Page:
According to Aesop’s fable The Goose that Laid the Golden Eggs:
“A cottager and his wife had a Hen that laid a golden egg every day. They supposed that the Hen must contain a great lump of gold in its inside, and in order to get the gold they killed it. Having done so, they found to their surprise that the Hen differed in no respect from their other hens. The foolish pair, thus hoping to become rich all at once, deprived themselves of the gain of which they were assured day by day.”
Like that bullion birthing bird (!), America’s small businesses lifted up the middle class and made it the envy of the world in the twentieth century, paying off day by day, year by year in the form of a stable economy, reliable jobs, high consumer confidence, and even a reliable tax base. However, supposing that increasing regulation, taxes, and fees can continue to be put upon the backs of small businesses without consequences is foolishness. Not only will more existing businesses fail, but the spark of invention, accomplishment and risk-taking necessary for the incubation of a new business might never happen — the unseen casualty of discouragement brought on by the perception (often correct) that the hurdles are just too high.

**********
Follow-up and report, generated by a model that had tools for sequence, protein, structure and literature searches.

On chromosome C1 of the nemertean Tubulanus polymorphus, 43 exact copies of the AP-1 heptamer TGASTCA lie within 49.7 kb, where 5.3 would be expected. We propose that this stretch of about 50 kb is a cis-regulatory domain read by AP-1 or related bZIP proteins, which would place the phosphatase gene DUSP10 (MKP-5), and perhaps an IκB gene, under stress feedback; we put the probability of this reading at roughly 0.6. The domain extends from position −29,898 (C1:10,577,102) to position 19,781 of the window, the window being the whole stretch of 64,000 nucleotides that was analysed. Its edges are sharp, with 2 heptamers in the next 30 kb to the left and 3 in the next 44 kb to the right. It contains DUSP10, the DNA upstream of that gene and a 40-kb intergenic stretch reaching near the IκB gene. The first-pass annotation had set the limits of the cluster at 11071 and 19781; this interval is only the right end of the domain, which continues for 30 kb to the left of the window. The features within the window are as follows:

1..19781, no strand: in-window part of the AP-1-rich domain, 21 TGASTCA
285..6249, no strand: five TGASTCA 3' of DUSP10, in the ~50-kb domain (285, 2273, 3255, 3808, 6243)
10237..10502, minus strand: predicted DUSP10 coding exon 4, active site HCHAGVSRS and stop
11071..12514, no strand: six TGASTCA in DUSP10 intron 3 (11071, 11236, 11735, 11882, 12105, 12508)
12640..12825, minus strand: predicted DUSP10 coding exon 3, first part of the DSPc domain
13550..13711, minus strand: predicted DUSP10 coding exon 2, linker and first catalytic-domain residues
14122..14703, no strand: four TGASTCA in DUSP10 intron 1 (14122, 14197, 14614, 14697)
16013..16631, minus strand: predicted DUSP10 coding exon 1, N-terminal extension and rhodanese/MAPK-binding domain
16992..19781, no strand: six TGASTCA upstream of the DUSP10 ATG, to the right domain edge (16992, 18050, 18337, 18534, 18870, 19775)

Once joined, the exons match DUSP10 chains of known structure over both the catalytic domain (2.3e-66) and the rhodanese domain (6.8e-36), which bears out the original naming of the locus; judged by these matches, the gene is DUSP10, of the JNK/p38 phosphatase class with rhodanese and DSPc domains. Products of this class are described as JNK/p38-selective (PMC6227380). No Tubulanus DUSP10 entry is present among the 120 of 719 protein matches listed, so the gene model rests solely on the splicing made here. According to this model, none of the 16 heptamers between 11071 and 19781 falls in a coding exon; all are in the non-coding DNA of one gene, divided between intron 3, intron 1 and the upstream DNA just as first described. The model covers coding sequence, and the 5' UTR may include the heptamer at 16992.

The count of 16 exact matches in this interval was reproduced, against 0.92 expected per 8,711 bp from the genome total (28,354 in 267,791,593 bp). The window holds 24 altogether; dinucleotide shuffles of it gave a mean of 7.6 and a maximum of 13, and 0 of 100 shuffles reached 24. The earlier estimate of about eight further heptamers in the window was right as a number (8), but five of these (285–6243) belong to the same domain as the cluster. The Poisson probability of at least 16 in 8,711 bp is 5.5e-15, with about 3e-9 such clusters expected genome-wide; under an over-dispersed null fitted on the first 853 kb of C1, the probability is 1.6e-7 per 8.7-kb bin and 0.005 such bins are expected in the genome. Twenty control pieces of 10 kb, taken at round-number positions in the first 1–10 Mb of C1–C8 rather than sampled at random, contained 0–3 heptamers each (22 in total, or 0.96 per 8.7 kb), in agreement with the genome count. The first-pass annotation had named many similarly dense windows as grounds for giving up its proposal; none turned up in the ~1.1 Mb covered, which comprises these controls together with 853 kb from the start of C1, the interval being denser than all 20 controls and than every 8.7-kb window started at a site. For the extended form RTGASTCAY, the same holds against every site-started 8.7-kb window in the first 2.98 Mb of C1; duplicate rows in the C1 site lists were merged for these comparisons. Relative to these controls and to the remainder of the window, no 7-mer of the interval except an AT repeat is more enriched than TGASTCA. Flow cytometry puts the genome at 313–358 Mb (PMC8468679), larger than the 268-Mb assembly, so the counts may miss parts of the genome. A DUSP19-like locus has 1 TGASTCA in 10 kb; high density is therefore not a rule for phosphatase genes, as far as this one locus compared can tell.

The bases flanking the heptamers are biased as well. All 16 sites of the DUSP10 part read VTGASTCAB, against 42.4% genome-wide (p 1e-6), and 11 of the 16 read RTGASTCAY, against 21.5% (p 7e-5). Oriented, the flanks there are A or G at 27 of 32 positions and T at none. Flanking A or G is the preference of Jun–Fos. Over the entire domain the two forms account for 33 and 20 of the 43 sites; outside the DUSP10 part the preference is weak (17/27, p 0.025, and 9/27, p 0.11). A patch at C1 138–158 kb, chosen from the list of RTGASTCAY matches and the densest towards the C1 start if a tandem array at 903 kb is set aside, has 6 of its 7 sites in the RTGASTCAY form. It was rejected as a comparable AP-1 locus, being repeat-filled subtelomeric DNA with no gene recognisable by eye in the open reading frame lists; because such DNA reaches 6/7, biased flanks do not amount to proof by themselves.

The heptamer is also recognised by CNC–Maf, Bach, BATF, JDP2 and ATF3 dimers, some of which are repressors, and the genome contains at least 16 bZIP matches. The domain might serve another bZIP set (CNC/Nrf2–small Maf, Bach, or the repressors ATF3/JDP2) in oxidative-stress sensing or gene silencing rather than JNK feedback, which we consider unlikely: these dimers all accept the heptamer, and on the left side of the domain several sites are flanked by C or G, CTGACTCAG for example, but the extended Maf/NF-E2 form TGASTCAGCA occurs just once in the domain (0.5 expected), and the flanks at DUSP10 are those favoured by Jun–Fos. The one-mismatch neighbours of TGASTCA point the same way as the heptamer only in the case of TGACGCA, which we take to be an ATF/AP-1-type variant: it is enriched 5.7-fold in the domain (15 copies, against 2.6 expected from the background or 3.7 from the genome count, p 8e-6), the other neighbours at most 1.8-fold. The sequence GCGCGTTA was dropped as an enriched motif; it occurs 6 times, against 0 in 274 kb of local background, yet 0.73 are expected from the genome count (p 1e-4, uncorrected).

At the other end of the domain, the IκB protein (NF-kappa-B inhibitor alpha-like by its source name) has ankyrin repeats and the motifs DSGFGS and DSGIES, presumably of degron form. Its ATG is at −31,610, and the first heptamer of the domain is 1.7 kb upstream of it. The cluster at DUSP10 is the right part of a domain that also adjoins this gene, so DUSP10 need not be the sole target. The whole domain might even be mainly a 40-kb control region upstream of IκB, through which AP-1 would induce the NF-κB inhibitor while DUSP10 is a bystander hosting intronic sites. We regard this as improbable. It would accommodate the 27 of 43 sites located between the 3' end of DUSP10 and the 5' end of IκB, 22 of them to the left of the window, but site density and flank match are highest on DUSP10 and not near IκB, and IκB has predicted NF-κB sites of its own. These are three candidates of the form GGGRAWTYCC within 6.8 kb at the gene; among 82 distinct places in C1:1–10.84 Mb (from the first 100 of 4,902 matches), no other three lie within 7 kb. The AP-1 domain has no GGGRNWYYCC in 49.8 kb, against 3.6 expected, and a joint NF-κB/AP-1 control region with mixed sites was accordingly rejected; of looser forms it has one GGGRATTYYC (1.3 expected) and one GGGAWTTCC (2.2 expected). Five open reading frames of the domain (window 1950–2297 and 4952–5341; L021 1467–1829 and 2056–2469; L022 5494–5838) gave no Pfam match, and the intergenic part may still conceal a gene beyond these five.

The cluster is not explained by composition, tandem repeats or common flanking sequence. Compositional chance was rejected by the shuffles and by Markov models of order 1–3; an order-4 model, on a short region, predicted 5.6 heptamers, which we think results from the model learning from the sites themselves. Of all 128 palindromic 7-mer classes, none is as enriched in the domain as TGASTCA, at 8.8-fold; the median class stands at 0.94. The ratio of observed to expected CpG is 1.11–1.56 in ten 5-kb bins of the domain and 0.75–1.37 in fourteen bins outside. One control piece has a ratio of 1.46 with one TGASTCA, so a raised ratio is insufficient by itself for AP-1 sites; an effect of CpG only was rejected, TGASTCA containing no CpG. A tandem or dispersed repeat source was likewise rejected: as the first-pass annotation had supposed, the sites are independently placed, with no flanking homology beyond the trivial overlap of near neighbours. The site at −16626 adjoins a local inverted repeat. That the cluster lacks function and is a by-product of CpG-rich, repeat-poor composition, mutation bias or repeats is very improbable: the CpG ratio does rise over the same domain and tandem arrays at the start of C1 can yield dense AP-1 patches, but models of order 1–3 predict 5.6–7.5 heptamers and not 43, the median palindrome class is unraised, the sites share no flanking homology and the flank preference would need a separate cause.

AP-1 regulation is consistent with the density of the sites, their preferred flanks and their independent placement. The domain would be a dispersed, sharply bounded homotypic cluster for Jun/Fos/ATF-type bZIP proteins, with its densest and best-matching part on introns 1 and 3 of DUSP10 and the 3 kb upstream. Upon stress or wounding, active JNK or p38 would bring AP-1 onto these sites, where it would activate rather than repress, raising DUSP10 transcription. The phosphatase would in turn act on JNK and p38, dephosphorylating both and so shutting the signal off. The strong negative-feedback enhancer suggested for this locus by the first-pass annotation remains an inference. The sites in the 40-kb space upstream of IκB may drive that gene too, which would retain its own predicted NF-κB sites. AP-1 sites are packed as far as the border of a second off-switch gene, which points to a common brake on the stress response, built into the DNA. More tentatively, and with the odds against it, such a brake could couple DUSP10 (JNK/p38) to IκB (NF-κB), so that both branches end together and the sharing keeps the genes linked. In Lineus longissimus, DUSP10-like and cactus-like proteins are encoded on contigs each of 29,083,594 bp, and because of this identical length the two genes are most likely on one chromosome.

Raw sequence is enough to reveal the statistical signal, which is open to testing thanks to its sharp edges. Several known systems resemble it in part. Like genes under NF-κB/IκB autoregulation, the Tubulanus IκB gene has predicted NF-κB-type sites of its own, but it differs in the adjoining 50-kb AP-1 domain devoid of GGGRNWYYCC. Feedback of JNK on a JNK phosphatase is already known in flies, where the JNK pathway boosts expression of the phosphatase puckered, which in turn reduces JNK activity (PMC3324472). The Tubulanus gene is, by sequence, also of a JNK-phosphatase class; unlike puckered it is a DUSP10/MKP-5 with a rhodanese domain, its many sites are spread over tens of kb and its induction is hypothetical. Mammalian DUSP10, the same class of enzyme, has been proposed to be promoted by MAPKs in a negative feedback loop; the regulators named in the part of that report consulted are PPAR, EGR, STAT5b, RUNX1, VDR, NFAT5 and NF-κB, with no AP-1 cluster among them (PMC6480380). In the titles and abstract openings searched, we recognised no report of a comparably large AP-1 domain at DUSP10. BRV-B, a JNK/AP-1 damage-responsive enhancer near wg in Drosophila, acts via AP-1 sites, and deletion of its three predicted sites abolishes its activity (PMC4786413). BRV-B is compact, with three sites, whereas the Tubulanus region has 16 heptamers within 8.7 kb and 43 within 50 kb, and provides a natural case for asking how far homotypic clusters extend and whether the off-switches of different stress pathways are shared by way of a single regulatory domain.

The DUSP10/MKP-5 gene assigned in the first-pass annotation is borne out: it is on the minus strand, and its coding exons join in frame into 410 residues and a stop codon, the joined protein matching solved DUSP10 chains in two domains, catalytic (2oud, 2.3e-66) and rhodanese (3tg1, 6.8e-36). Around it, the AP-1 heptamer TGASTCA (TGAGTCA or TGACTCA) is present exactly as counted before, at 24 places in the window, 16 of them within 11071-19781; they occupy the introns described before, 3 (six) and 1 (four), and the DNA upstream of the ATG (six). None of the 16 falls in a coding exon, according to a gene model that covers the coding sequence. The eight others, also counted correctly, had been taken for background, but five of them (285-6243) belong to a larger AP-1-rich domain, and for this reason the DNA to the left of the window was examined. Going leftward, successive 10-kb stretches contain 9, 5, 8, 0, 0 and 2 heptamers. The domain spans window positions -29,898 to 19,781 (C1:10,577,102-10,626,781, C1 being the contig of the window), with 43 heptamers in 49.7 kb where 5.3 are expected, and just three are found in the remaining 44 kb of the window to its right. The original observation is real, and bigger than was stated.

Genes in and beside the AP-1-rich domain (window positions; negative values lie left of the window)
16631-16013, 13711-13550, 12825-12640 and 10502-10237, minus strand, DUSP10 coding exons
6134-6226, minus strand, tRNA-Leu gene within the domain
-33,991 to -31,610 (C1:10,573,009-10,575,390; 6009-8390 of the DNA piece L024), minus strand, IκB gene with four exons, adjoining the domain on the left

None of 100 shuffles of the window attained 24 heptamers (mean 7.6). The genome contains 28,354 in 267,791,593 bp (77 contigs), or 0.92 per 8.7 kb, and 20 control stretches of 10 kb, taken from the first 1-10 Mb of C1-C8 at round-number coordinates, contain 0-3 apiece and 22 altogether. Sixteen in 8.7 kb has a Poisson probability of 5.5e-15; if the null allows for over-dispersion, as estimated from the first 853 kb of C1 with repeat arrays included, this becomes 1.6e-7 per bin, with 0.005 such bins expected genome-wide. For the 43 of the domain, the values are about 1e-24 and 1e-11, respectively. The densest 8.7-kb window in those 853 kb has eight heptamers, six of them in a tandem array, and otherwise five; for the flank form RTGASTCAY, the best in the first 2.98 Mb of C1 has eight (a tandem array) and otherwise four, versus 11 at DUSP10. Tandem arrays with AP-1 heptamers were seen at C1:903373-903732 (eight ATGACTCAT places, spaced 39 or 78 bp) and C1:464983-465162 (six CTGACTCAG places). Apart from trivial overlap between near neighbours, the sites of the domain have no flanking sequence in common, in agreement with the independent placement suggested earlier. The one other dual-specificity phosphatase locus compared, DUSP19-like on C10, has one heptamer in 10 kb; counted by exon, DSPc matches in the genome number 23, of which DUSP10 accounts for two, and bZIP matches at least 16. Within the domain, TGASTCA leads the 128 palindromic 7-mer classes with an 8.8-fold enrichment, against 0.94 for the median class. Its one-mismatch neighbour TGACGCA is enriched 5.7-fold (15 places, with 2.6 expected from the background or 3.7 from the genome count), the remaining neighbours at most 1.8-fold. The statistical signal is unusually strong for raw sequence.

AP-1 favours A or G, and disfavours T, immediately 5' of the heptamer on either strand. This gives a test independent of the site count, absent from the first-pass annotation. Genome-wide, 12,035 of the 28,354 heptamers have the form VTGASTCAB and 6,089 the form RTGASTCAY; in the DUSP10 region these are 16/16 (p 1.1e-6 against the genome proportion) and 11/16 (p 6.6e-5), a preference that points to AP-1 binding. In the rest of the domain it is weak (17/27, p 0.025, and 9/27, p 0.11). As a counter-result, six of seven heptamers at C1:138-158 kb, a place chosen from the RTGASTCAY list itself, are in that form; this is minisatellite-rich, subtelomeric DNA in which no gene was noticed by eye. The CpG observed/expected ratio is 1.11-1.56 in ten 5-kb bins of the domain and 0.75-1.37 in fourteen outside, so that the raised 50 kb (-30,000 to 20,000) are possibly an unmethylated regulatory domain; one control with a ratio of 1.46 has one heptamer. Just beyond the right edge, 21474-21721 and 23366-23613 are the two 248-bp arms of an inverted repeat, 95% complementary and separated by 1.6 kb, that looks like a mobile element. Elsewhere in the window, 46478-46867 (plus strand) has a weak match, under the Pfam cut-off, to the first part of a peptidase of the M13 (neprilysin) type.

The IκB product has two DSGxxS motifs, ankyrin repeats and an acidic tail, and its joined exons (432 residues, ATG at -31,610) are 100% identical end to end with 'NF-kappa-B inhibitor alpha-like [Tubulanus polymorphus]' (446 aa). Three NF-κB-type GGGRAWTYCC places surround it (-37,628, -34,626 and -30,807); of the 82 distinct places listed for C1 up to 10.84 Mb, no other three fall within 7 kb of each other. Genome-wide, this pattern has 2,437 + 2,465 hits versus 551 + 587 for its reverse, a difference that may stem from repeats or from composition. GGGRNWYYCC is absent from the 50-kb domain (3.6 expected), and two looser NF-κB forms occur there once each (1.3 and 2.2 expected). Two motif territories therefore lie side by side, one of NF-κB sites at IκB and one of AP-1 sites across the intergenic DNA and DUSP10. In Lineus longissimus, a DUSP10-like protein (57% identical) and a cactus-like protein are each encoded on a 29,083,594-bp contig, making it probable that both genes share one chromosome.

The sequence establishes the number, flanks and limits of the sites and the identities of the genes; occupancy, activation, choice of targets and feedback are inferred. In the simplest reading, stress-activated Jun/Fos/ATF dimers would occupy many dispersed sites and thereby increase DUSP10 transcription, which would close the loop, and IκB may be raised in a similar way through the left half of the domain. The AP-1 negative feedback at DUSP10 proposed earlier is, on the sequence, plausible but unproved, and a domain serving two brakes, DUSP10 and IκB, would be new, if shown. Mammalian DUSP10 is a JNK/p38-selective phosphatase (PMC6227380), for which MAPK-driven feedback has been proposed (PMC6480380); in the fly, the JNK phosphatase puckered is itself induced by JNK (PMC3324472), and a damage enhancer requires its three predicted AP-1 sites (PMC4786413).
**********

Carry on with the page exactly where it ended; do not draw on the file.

Few things are more discouraging to would-be entrepreneurs than the morass of regulations by bureaucrats, vested interests, and rule making do-gooders. This video from the Institute for Justice is a great illustration.
The webs that entangle small business will only get swept away when regulators, legislators, and the public stop passing laws that are perceived as “a good idea” and reserve the intractable hand of the state for those issues in which its involvement is an absolute necessity. Only then can we loosen the choke hold on the goose laying the golden eggs.